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Published March 1, 2005 | Published + Supplemental Material
Journal Article Open

Peripheral nerve-derived VEGF promotes arterial differentiation via neuropilin 1-mediated positive feedback


In developing limb skin, peripheral nerves are required for arterial differentiation, and guide the pattern of arterial branching. In vitro experiments suggest that nerve-derived VEGF may be important for arteriogenesis, but its role in vivo remains unclear. Using a series of nerve-specific Cre lines, we show that VEGF derived from sensory neurons, motoneurons and/or Schwann cells is required for arteriogenesis in vivo. Arteriogenesis also requires endothelial expression of NRP1, an artery-specific coreceptor for VEGF^(164) that is itself induced by VEGF. Our results provide the first evidence that VEGF is necessary for arteriogenesis from a primitive capillary plexus in vivo, and show that in limb skin the nerve is indeed the principal source of this signal. They also suggest a model in which a `winner-takes-all' competition for VEGF may control arterial differentiation, with the outcome biased by a VEGF^(164)-NRP1 positive-feedback loop. Our results also demonstrate that nerve-vessel alignment is a necessary, but not sufficient, condition for nerve-induced arteriogenesis. Different mechanisms therefore probably underlie these endothelial patterning and differentiation processes.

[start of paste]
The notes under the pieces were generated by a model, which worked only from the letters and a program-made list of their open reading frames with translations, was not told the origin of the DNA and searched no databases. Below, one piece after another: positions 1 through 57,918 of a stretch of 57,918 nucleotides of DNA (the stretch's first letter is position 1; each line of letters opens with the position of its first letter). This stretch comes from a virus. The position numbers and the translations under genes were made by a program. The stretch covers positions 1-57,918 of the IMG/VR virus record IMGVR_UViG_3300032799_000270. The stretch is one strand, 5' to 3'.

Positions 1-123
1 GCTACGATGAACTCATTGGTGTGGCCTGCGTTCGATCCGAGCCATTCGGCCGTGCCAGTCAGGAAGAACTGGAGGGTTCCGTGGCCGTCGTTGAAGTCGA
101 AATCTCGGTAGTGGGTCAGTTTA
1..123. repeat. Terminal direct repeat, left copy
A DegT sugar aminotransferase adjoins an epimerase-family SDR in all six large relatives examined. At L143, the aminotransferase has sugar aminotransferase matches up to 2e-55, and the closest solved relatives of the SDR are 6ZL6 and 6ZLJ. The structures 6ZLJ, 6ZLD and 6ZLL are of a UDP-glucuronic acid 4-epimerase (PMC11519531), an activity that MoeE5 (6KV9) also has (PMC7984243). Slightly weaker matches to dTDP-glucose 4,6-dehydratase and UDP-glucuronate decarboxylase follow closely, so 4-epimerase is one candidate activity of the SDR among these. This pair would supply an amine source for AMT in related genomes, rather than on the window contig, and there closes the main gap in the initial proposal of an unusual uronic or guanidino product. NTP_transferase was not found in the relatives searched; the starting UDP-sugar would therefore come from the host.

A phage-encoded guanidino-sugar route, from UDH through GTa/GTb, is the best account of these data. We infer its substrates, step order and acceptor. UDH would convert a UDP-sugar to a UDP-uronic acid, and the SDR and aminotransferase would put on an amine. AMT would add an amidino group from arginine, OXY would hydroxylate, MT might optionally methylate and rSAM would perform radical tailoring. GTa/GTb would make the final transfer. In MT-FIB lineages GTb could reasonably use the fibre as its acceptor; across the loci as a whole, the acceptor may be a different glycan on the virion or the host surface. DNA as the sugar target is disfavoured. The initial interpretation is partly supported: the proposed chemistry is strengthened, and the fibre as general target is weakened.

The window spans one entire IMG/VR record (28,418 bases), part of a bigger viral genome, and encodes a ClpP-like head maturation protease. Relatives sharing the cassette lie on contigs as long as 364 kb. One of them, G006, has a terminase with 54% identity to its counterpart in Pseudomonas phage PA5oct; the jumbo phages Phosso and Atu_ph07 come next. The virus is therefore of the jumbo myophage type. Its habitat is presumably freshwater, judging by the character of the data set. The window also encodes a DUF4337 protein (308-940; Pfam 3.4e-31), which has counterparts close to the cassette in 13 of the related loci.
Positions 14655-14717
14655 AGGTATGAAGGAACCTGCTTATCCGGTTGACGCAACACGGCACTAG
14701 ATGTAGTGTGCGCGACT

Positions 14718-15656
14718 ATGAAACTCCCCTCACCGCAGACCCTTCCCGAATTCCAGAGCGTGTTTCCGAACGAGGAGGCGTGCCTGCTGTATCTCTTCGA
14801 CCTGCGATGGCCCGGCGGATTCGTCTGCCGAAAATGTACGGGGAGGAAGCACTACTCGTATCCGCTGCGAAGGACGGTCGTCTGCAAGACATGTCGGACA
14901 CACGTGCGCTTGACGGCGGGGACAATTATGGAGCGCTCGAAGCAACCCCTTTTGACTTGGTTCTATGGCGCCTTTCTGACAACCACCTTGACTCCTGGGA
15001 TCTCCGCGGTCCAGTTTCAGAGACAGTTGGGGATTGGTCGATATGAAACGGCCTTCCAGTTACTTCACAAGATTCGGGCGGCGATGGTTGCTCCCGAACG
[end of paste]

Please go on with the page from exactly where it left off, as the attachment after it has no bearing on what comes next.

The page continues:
Additional Information

© The Company of Biologists Ltd 2005. Accepted 23 December 2004. First published online 26 January 2005. We thank Andrew McMahon for Wnt1-Cre mice; Tom Jessell, Yasuto Tanabe and Chris William for Isl1-Cre mice; Alex Kolodkin and David Ginty for Nrp1lox/- mice and anti-NRP1 antibody; and T. Müller for providing anti-BFABP antibody. Thanks to R. Diamond, P. Koen and S. L. Adams for FACS assistance; S. Pease, B. Kennedy and the staff of the Transgenic Animal Facility at Caltech for assistance with mouse breeding and care; G. Mosconi for laboratory management; J. S. Chang and M. Martinez for technical support; and G. Mancuso for administrative assistance. Thanks also to D. H. Shin for invaluable help and discussion, C. Hochstim for helpful comments on the manuscript, and other Anderson lab members for technical help and discussion. D.J.A. is an Investigator of the Howard Hughes Medical Institute. Supplementary material for this article is available at http://dev.biologists.org/cgi/content/full/132/5/941/DC1

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